Leptospirosis

Image of a paper that says "leptosporosis".

Leptospirosis is a serious, life-threatening disease caused by a spiral shaped bacteria. Dogs, cats, other animals and even people can be infected through exposure to urine, bite wounds, ingestion of infected flesh, or contact with contaminated soil, water and even bedding. Certain environmental conditions can favor the bacteria: standing water, rain, floods and warm moist weather. Pets living under these conditions, especially those who live primarily outdoors or are used for activities like hunting or herding are at a higher risk of being infected. The bacteria can quickly spread through the body causing symptoms like fever, joint pain, excessive drinking and general malaise. Eventually the bacteria settle in the kidneys or liver where it rapidly multiplies leading to organ inflammation, organ failure and possibly death.

People infected with Leptospirosis show the same symptoms as pets: fever, joint pain, excessive drinking and general malaise. Most often people contract the disease when their mucous membranes or open wounds come into contact with the urine or other bodily fluids of an infected animal.

Repeated blood tests 2 to 4 weeks apart are recommended for diagnosis. This test detects the presence of antibodies the body produces after being exposed to the disease. Recent vaccination against leptospirosis can make diagnosis difficult as vaccines stimulate the body to create similar antibodies. New technology has made rapid tests available and sometimes urine can be used although this test is less sensitive. Samples of kidney tissue can be used but this is rarely done due to the need of an invasive procedure.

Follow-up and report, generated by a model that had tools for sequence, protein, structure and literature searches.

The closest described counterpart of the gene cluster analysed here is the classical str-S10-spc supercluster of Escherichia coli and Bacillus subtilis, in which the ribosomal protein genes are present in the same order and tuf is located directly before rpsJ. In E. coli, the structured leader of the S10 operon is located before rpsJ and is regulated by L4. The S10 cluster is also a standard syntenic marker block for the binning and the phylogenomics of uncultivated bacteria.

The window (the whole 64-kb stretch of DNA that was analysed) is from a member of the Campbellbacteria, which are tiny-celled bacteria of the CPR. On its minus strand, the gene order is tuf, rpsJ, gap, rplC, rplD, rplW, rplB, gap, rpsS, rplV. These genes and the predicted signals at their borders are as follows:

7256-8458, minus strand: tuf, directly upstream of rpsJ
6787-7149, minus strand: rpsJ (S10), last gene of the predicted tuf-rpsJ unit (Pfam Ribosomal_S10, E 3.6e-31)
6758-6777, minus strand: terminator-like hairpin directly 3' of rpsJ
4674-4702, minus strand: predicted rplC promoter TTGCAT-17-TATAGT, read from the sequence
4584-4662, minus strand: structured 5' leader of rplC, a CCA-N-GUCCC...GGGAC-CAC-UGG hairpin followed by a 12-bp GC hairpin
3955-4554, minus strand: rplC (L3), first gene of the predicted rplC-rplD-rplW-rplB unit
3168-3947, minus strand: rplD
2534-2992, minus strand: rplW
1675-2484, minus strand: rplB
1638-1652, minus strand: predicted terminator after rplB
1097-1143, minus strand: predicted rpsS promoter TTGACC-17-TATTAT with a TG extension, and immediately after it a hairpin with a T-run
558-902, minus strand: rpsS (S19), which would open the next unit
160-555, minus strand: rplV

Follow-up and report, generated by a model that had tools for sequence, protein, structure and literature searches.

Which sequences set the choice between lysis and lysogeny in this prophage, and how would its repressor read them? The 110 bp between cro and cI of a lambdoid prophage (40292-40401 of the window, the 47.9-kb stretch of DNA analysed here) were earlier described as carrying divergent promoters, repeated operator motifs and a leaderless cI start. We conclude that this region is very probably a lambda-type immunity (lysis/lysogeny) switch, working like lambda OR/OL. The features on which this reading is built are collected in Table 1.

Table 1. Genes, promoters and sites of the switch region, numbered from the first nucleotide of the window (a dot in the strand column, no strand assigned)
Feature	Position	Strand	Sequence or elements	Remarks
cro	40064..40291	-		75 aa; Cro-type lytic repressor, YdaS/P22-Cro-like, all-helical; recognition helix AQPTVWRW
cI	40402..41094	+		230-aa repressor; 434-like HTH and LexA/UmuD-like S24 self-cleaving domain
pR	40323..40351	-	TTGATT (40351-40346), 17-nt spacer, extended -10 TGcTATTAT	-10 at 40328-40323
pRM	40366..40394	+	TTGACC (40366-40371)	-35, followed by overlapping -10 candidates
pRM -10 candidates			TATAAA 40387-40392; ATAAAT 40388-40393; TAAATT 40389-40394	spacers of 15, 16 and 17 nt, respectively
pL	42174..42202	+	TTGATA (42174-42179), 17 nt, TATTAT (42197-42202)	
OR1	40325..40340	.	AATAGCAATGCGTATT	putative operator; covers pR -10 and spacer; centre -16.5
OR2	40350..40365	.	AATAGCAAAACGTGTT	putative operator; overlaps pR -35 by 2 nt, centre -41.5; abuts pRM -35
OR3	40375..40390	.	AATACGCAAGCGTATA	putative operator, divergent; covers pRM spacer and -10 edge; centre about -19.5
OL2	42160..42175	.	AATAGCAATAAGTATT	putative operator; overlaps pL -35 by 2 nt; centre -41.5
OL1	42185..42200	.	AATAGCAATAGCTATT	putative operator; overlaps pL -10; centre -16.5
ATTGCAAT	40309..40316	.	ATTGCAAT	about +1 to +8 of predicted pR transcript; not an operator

Fortunately, leptospirosis can be treated with a combination of antibiotics. If kidney function becomes seriously impaired, patients may need kidney dialysis; some patients need this only temporarily while others will need it for life.

Supportive care is crucial for pets that become extremely debilitated by the disease. Intravenous fluids help maintain blood flow through the damaged organs. Special precautions should be observed when cleaning up any urine or bodily fluids from an infected patient.

Leptospirosis is a zoonzotic disease and vaccinations are available. Unfortunately the leptospirosis vaccine has been linked to a high level of vaccine reactions and while reducing the severity of a dog's illness will not prevent them from becoming carriers of the disease. Therefore this vaccine is given only when deemed necessary after consultation with your veterinarian.

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  • "I am so incredibly thankful that we found Dr. Kidd and her team at Platte Valley veterinary, I am comfortable bringing my dogs there and dropping them off to be treated because I know that she truly cares about the animals that she works with. Not only that, but the entire staff is wonderful about answering the many questions I throw at them each time. Highly recommend!"
    Kate D.
  • "Dr. Kidd is the most loving, patient and endearing vet you will ever find. She has the sweetest and most gentle way demeanor that makes you feel instantly comfortable. Our animals range from domestic to farm and she has cared for them with love and knowledgeable experience. We have been so spoiled to have her as our vet! And Rita, her assistant, always takes care of us!! We consider ourselves lucky to be a part of this clinic."
    Darla G.